Based on my own research and those of my colleagues, this is a much welcome and needed shift in policy priorities to ensure that those most impacted by the digital divide, particularly during the pandemic, can gain access to high-speed broadband at affordable costs.

The Ability to Pay for Broadband

In 2019, my colleagues and I published an article in the journal Communication Research and Practice, titled “The Ability to Pay for Broadband.” Based on our studies in communities across the country, we found that “although those with a limited monthly budget have an acute understanding of the value of home broadband, the costs associated with home broadband service make it difficult for them to afford.” We went on to argue that “ability to pay provides a framework for understanding the local, cultural drivers and barriers to broadband adoption in low-income communities.”

A summary of the article including our study’s main findings and implications of the research for digital inclusion policy and practice can be found on the Benton Institute for Broadband & Society’s website.

Connecting Digital Equity and Racial Justice

As we talk about the barriers to broadband adoption, it’s also critically important to recognize that digital equity is a racial justice issue. As we argued in our recent blog post for Benton announcing our 2020 report, titled “Growing Healthy Digital Equity Ecosystems During COVID-19 and Beyond” we also recommend that the Biden Administration connect their focus on broadband and the economy to their racial justice agenda. As we wrote,

“To inform this work, the next administration should develop a digital equity and racial justice task force that brings together social workers, public librarians, community organizers, and other community-care practitioners to develop strategies and tools to promote digital and racial equity in communities most impacted by the pandemic.”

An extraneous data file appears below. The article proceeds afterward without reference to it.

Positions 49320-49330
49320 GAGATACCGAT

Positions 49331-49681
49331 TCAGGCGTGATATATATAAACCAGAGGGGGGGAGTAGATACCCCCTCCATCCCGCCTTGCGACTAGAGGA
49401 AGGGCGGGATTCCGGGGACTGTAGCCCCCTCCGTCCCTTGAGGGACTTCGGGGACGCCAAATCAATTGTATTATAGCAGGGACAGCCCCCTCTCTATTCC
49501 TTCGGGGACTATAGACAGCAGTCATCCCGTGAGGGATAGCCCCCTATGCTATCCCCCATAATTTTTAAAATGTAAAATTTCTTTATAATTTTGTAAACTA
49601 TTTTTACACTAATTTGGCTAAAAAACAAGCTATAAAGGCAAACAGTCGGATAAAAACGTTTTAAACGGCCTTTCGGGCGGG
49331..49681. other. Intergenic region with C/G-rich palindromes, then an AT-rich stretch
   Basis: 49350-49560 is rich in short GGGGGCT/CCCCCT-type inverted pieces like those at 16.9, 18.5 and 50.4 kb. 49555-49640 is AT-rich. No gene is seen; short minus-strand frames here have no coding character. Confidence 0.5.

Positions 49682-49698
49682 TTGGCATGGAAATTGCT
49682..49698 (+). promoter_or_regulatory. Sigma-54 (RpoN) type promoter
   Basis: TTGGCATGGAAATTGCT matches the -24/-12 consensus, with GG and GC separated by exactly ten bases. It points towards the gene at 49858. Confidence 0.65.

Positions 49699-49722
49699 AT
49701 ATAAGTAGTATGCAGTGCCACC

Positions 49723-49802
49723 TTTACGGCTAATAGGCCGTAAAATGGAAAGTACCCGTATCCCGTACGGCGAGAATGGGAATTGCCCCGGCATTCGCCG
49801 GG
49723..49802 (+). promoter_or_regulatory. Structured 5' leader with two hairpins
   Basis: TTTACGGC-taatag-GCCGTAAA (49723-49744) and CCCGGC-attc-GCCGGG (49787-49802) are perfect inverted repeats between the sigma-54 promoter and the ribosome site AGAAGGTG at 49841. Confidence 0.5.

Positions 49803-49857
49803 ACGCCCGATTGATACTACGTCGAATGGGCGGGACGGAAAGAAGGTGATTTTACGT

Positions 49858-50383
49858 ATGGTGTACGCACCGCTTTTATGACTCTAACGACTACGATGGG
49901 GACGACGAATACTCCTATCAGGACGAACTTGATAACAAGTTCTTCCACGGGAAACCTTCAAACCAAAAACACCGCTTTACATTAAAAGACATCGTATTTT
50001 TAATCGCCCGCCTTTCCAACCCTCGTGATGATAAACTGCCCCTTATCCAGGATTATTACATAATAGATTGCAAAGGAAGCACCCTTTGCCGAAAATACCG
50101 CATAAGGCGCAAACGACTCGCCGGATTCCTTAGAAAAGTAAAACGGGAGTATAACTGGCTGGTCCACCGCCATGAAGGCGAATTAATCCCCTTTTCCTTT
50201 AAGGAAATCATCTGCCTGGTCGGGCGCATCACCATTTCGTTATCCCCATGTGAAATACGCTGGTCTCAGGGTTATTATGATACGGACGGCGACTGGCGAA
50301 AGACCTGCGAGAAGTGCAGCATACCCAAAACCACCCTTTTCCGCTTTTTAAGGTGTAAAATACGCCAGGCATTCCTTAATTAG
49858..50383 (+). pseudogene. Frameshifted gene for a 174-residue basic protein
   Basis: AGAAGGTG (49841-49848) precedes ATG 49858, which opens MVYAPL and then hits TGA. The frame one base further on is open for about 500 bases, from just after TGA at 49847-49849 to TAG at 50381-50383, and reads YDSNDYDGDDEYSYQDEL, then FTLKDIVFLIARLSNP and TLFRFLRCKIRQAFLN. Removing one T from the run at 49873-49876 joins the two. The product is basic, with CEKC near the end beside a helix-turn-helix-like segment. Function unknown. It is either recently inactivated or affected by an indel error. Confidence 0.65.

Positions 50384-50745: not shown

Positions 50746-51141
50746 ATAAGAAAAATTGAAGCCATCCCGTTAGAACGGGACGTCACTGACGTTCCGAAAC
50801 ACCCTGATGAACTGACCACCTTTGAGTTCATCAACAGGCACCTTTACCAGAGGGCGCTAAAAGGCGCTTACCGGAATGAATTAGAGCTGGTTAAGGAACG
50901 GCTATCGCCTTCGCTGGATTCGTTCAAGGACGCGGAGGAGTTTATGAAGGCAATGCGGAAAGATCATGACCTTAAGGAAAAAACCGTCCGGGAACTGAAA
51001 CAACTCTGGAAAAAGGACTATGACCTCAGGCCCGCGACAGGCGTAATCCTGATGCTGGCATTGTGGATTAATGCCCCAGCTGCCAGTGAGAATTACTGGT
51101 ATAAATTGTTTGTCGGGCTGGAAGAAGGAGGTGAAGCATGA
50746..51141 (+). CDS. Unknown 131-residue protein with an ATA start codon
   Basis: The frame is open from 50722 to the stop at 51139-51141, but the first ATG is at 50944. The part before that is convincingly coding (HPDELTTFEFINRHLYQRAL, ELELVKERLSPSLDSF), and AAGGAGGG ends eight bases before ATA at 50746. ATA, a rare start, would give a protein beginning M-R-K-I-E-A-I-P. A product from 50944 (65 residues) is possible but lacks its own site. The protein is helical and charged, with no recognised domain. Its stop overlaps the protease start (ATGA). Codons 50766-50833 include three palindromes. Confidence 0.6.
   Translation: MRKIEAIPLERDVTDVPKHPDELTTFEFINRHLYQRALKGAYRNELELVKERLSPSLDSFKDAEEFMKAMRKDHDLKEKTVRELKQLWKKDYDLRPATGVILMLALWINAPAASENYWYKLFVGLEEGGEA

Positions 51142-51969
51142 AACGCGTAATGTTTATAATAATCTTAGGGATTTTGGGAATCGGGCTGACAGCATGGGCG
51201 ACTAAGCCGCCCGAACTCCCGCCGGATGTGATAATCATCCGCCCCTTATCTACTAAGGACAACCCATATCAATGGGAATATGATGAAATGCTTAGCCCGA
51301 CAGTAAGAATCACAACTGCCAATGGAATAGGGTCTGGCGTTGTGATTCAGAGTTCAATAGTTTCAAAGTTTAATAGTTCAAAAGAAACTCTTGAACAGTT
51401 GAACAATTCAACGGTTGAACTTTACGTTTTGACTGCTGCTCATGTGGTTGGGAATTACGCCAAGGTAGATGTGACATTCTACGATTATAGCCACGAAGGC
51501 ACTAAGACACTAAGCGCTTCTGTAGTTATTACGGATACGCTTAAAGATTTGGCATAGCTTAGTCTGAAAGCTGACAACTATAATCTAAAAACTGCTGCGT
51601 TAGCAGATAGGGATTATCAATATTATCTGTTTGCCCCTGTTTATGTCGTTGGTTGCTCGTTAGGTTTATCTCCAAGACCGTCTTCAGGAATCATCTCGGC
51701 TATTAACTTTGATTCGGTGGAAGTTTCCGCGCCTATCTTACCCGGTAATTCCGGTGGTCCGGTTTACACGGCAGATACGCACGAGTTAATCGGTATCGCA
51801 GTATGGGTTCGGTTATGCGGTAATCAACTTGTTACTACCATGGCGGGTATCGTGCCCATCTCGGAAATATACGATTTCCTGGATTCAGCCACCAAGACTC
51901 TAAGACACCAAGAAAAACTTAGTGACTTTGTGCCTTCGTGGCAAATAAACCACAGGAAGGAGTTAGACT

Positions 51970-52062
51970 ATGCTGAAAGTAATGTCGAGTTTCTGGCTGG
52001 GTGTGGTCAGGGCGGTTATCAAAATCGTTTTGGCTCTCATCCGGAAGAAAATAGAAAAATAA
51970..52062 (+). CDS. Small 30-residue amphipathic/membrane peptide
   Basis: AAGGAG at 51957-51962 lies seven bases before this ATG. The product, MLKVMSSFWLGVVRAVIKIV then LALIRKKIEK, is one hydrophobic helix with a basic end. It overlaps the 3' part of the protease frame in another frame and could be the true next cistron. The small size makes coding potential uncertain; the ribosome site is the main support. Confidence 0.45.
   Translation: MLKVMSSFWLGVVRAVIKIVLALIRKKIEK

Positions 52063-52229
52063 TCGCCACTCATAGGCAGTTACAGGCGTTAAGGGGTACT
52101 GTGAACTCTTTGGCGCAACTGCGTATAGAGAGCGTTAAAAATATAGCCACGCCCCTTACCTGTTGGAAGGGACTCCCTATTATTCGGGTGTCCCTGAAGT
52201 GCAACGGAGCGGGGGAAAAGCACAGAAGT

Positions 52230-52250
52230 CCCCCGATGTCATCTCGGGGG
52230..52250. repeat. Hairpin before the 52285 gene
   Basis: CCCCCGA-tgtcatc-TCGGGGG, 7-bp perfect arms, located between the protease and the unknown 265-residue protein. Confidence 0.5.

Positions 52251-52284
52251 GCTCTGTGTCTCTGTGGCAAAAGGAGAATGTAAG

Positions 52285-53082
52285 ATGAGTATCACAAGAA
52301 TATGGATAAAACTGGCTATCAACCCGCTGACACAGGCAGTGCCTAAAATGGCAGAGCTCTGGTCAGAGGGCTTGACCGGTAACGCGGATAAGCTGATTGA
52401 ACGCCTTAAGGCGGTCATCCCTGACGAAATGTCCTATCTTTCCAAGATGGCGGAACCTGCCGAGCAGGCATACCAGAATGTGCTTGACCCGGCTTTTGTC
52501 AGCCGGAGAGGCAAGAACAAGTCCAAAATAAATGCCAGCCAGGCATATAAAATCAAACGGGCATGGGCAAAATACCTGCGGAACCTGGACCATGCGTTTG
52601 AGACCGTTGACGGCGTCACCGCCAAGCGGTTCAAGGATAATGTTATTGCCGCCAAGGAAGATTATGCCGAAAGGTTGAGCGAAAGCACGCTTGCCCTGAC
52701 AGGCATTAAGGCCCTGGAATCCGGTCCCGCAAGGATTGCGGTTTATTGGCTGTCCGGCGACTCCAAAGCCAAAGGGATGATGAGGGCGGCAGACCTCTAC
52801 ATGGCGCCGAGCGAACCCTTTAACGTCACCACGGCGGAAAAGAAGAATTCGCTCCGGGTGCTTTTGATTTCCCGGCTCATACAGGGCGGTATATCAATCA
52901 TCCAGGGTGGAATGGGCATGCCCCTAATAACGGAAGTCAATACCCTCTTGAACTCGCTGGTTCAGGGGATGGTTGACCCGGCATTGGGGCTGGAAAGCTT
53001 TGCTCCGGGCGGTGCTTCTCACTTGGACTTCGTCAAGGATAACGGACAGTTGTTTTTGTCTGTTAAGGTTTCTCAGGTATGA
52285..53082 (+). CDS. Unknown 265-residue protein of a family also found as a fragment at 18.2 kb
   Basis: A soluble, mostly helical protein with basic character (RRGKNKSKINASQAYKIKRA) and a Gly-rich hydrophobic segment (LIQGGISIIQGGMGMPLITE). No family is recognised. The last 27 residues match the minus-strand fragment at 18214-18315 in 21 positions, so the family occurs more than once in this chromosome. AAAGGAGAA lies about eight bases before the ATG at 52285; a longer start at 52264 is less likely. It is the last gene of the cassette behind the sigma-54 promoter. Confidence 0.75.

In the post, we elaborate on the following four recommendations to help inform this policy agenda:

  • Make broadband affordable for low-income communities of color.
  • Support second chances for economic success through digital literacy programs.
  • Ensure care workers receive training and support to help promote digital and racial equity
  • Make federal funding opportunities available for digital inclusion organizations.

We look forward to seeing how the Biden Administration will move forward to tackle these important and complex issues.

New JoCI Issue (Vol 16) Published

Journal of Community Informatics Vol 16

It’s wonderful to be able to finally announce the new issue of the Journal of Community Informatics! The journal is also now hosted at the University of Waterloo Library and sponsored by the Simmons University School of Library and Information Science (iSchool).

There are many, many people to thank for this new issue and the Journal’s re-launch, particularly during such an incredibly difficult year. Many of whom I have included in my Editorial. I would particularly like to thank David Nemer, Tom Denison, Eduardo Villanueva-Mansilla, as well as Jordan Hale and Graham Faulkner at the University of Waterloo Library.

I am also grateful, of course, to the authors of this new issue for their patience during this transition to our new home at UW Library. I also want to thank our wonderful Editorial Board and other reviewers who contributed their time and expertise to help make this issue so strong.

The Journal is also accepting new Submissions from researchers and practitioners in the field of community informatics. To learn more, visit our new Journal website.